Operation Anaconda is revealing the troubling tenacity and cohesion of a die-hard enemy.
For all America's success early in the Afghan campaign - and its continued confidence that it will vanquish foes surrounded in the mountains of Eastern Afghanistan - Al Qaeda and Taliban holdouts are nevertheless displaying the traits that make this global terrorist network more daunting than others: a relatively sophisticated, well-trained and financed organization that draws on ongoing grass-roots support and a fanatical willingness to fight to the death.
Although disrupted, Al Qaeda elements are attempting to regroup and establish new strongholds - both inside and outside Afghanistan - from which to plot terrorist attacks against Americans, Pentagon officials say. Communicating by satellite phone, runners, and the Internet, they remain a potent threat. "We won't know until we discover the next group what size they will be," says Central Command spokesman Lt. Col. Martin Compton.
The current US-led mission, reportedly planned to last 72 hours, has dragged out more than four days as a result of fierce resistance by an enemy force of up to 700 fighters - far larger than the 400 initially estimated by US commanders.
"The local fundamentalists had called a jihad against Americans," said Maj. Gen. Frank Hagenbeck, the US commander of the operation, briefing reporters Wednesday in the rugged Shahi Khot region south of Gardez. So far, coalition ground and air forces have killed at least half of the Al Qaeda and Taliban force in a "hammer and anvil operation," he said. "We truly have the momentum.... At this point we control the dominant terrain."
This battle, while perhaps the biggest, will not be the last against core Al Qaeda holdouts, who seek to use terrorist and guerrilla tactics to regain a haven in Afghanistan. "The people who are left fighting, the Al Qaeda, are among the toughest - the most violent, the most committed to fighting this out to the end," said Pentagon spokeswoman Victoria Clarke.
SO far, the war on terror has struck a hard blow to the Al Qaeda organization led by Saudi-born militant Osama bin Laden, but is far from destroying it, US officials say.
The Afghanistan campaign has overthrown Al Qaeda's key government sponsor, the Taliban, denied Al Qaeda free rein in the country, and destroyed terrorist training camps and other facilities built there by Mr. bin Laden since 1996. Intelligence gathered from the campaign has contributed to terrorism-related arrests of some 1,000 people in 60 countries, defense officials say.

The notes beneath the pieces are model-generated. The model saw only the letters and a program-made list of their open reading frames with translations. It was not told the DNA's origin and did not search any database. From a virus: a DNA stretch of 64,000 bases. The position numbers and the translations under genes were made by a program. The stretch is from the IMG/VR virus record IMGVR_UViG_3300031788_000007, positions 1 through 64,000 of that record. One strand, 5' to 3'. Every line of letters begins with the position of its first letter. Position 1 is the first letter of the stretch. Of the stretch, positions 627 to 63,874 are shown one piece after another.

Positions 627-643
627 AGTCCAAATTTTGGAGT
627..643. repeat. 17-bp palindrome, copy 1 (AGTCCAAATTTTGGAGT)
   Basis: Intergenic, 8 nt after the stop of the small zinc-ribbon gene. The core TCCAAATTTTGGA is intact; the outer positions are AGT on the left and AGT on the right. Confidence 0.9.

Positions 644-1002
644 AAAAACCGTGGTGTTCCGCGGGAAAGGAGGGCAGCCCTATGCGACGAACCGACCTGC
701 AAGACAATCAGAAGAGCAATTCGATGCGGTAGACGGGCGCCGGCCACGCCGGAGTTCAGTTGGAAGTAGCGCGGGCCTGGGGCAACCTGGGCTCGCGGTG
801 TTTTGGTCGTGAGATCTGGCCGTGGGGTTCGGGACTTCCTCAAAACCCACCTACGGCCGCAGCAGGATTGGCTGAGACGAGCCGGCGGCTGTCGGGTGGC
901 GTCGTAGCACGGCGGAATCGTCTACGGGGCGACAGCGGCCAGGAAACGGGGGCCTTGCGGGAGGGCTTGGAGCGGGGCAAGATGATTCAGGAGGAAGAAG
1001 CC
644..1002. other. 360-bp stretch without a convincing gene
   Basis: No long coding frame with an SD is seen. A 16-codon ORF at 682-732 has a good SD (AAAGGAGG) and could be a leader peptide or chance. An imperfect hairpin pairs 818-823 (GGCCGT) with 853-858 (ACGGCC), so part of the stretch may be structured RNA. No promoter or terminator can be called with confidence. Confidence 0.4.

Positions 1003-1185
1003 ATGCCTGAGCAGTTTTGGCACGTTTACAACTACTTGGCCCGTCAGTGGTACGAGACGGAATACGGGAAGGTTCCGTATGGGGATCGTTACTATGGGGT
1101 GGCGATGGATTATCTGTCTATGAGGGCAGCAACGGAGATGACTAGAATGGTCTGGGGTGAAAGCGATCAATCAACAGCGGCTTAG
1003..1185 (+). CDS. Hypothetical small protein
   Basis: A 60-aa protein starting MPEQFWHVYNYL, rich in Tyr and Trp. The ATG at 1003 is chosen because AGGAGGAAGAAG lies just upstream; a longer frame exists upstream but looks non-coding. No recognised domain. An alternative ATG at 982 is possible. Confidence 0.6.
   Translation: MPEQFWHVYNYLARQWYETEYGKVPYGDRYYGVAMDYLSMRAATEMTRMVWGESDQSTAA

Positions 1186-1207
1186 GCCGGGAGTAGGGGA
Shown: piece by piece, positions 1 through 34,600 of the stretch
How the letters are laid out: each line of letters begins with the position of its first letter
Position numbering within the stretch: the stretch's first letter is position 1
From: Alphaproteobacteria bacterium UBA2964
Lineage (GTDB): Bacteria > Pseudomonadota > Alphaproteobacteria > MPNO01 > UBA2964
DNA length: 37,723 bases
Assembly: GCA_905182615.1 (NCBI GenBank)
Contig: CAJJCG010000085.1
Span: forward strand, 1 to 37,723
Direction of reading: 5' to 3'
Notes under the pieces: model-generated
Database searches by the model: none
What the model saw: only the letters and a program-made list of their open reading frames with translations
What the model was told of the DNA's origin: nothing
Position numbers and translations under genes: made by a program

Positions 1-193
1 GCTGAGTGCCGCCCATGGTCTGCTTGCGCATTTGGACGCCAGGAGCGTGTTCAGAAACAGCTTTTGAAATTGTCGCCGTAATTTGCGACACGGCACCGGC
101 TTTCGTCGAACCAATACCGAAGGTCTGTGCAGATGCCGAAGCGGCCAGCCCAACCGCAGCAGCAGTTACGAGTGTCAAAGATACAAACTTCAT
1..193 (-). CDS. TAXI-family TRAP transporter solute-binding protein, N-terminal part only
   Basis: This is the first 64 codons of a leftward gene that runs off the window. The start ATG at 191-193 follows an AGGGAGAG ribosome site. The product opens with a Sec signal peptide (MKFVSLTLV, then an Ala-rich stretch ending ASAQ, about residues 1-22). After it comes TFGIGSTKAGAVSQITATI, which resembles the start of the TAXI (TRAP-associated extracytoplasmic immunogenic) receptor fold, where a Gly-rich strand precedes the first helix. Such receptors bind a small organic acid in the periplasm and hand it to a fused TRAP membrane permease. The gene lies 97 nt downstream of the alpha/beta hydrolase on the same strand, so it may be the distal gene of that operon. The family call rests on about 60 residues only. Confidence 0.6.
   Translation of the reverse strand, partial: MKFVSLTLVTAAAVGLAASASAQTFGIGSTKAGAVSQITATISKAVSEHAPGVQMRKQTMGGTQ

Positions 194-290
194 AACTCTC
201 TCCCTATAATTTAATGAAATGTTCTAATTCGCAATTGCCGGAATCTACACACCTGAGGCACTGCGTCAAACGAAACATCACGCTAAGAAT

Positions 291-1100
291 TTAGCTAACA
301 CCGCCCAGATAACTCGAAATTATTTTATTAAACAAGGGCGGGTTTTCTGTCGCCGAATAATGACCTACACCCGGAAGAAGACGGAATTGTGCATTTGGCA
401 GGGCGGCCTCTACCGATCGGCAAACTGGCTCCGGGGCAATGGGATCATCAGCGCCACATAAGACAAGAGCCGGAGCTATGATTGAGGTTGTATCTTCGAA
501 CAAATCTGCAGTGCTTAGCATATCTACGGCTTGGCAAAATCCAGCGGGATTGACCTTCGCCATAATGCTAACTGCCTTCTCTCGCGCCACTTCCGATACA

As a result, Al Qaeda is more fragmented, and has more difficulty communicating and maintaining organizational control. Having "lost its aura of invincibility," Al Qaeda may also have more trouble recruiting, the officials assert. Still, smaller, "franchise-type" Al Qaeda groups remain active and are likely acting independently - in pockets of resistance in Afghanistan, remote border areas in Pakistan, and in cells in up to 50 countries. Indeed, several Al Qaeda leaders - including those who carried out the East Africa embassy bombings in 1998 - are at large and "could easily reconstitute an operation," one defense official says.
In Afghanistan in recent weeks, there have been indications that small groups of Al Qaeda are plotting to attack US and other Western forces in what Defense Secretary Donald Rumsfeld called "a series of terrorist attacks planned" to "kill enough Americans so that we would flee."
Recent incidents include an unexploded truck bomb discovered in Kabul, rocket-propelled grenade attacks on US-controlled airfields, as well as individuals spotted several days ago digging near a minefield around Kandahar - possibly to put mines in, according to US Central Command.
In terms of military operations, disparate pockets of Al Qaeda forces have shown no signs of planning to mount a coordinated attack on US forces in Afghanistan, Pentagon officials say. But the groups that do gather, such as the hundreds now dug-in south of Gardez, are proving to be well-coordinated and tactically skilled enemies.
"There's clearly leadership involved," Rumsfeld said Monday. Enemy fighters managed to pin down US forces in firefights that lasted up to 18 hours. They also damaged several US helicopters and forced one down. Eight US servicemen have died.
Al Qaeda draws on its experience using Afghanistan's rugged geography, cave complexes, and local supporters to its advantage. They "live off the land and rely on the cooperation of communities," says a defense official.
Pentagon officials say it is unclear whether the Al Qaeda members regrouped south of Gardez were those who had escaped the December siege at Tora Bora and fled into Pakistan. Defense officials say US intelligence had been aware of the enemy buildup in the area for weeks or even months.